Booting a recent kernel on the APQ8060 Qualcomm DragonBoard

My DragonBoard

Most recent test was done with kernel v4.12-rc1 on 2017-05-15. MMC/SD, GPIO, LEDs, ethernet and all sensors are working.


I got this board from some Qualcomm guys at the Embedded Systems Conference "Design West" in San Jose in april 2012. The board was pushed as the first Qualcomm attempt for a developer board for their platforms around september 2011, as they contracted to BSQUARE to provide support and education for this board. (See this blog post from Qualcomm's Brian Spencer.) Here is some idiomatic terminology you need:


This board only talks the fastboot boot protocol. (No U-Boot or such.) So you need to get this tool. On Fedora, simply:

dnf -y install android-tools

This will get you the command-line tool fastboot.

To get the board into fastboot mode so that a new kernel (or image, or whatever) can be uploaded to it, remove the battery connector and DC plug so that the board is completely unpowered, then press and hold down the 5 key on the keypad while inserting the DC plug. At this point the board is in the state where you can run the fastboot command line.

Boot a mainline Linux kernel

With some hands-on a mainline Linux kernel can actually boot to prompt on the Dragonboard since v3.14-rc1. Some bugs were introduced with the switch to mach-qcom in kernel v3.15 but should be fixed in kernel v3.17.

SOLVED IN v4.9-rc1 no more ugly fixes needed. On my Dragonboard there was a problem with the ATAGs passed to the kernel: these indicate that the first memory area is at 0x40200000-0x42dfffff but Linux needs to boot from an even memory boundary, 0x40200000 will not work. For this reason you need to apply this ugly patch (older version for mach-msm)that adjusts the first ATAG to claim memory 0x40000000-0x42dfffff instead. I don't know if newer little kernels (the thing that runs fastboot) are fixed in this regard.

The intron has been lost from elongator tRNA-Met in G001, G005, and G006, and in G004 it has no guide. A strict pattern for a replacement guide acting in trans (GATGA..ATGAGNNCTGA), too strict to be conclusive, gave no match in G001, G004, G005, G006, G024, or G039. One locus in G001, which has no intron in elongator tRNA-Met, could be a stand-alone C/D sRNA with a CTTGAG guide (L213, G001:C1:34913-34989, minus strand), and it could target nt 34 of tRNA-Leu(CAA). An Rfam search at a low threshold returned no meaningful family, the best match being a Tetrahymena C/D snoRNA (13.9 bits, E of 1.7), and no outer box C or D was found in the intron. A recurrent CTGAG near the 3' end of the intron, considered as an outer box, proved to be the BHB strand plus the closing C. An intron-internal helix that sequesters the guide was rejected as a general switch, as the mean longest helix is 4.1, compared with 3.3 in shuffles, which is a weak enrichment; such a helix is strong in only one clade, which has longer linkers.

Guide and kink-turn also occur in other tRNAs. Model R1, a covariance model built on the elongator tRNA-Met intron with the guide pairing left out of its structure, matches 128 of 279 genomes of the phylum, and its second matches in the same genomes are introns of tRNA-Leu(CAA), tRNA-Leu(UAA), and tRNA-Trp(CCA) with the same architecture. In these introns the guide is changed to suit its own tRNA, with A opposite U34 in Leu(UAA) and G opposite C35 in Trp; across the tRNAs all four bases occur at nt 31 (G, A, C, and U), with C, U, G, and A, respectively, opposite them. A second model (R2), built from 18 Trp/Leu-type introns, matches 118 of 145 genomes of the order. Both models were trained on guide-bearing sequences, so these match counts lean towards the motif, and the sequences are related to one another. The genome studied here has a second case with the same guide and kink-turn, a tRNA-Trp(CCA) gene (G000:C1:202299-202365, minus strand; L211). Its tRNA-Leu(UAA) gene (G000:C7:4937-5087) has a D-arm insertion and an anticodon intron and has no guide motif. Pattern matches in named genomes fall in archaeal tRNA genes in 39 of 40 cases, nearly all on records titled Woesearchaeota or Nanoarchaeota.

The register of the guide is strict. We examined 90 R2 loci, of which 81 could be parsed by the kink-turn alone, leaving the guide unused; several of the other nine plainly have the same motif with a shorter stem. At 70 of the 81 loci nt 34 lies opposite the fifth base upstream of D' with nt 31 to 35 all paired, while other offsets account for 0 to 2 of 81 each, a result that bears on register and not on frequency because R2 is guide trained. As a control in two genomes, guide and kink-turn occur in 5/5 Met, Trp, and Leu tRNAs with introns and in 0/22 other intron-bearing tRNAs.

To compile a fresh APQ8060 DragonBoard kernel you first need a cross compiler such as the Linaro GCC toolchain. Then you can use my makefile and my rootfs CPIO image - put this in your $HOME directory (in case you're interested that was generated using this script) in the main Linux source tree like this:

linux$ make -f apq8060.mak config && make -f apq8060.mak build

Here are pre-compiled images that you can use and test if you like:

So to boot a mainline kernel all you need is to replace the boot.img-zImage with something freshly compiled. However the TTY name is also changed in mainline from ttyHSL to ttyMSM so the parameter needs changing. Actually, with a mainline zImage kernel all you need is:

fastboot -b 40200000 -c "console=ttyMSM0,115200,n8" boot zImage

After this your board should boot to prompt on the serial port.

Kernel TODO list

The kernel efforts are based on the vendor tree, currently a v3.4 kernel. It is very unclear if Qualcomm will ever attempt to forward-port this kernel tree to newer kernels than v3.4, especially for APQ8060/MSM8660. You can clone the vendor tree like this:

  git clone git:// linux-msm
  cd linux-msm
  git checkout -b android-msm-3.4 refs/heads/q3.4/android-msm-3.4

While that is happening or not happening, I am sometimes working with the upstream support for this chipset according to the TODO list:

EEPROM contents

The board has an Atmel AT24c128 16KiB EEPROM which according to the manual is used for "device ID". When you extract the contents over I2C with a simple dd if=/sys/bus/nvmem/devices/0-00520/nvmem of=/eeprom.bin and look at it in a hex editor it looks like this:

DragonBoard EEPROM dump

The rest of the data is just 0xff ad nauseam.

According to the Internetz "CDT" means Configuration Data Table and the information here means:

Split the supplied boot image and boot the parts

There are various tools for peeling apart the supplied boot.img into its constituents. The one that finally worked for me was named unpackbootimg, and produced a number of files, most notably the kernel zImage and the ramdisk. When you have these parts the following magic boots it:

fastboot -b 40200000 -c "console=ttyHSL0,115200,n8 androidboot.hardware=qcom" -p 2048 boot boot.img-zImage boot.img-ramdisk.gz

Building all of Android or just the stock kernel

This is pretty painful.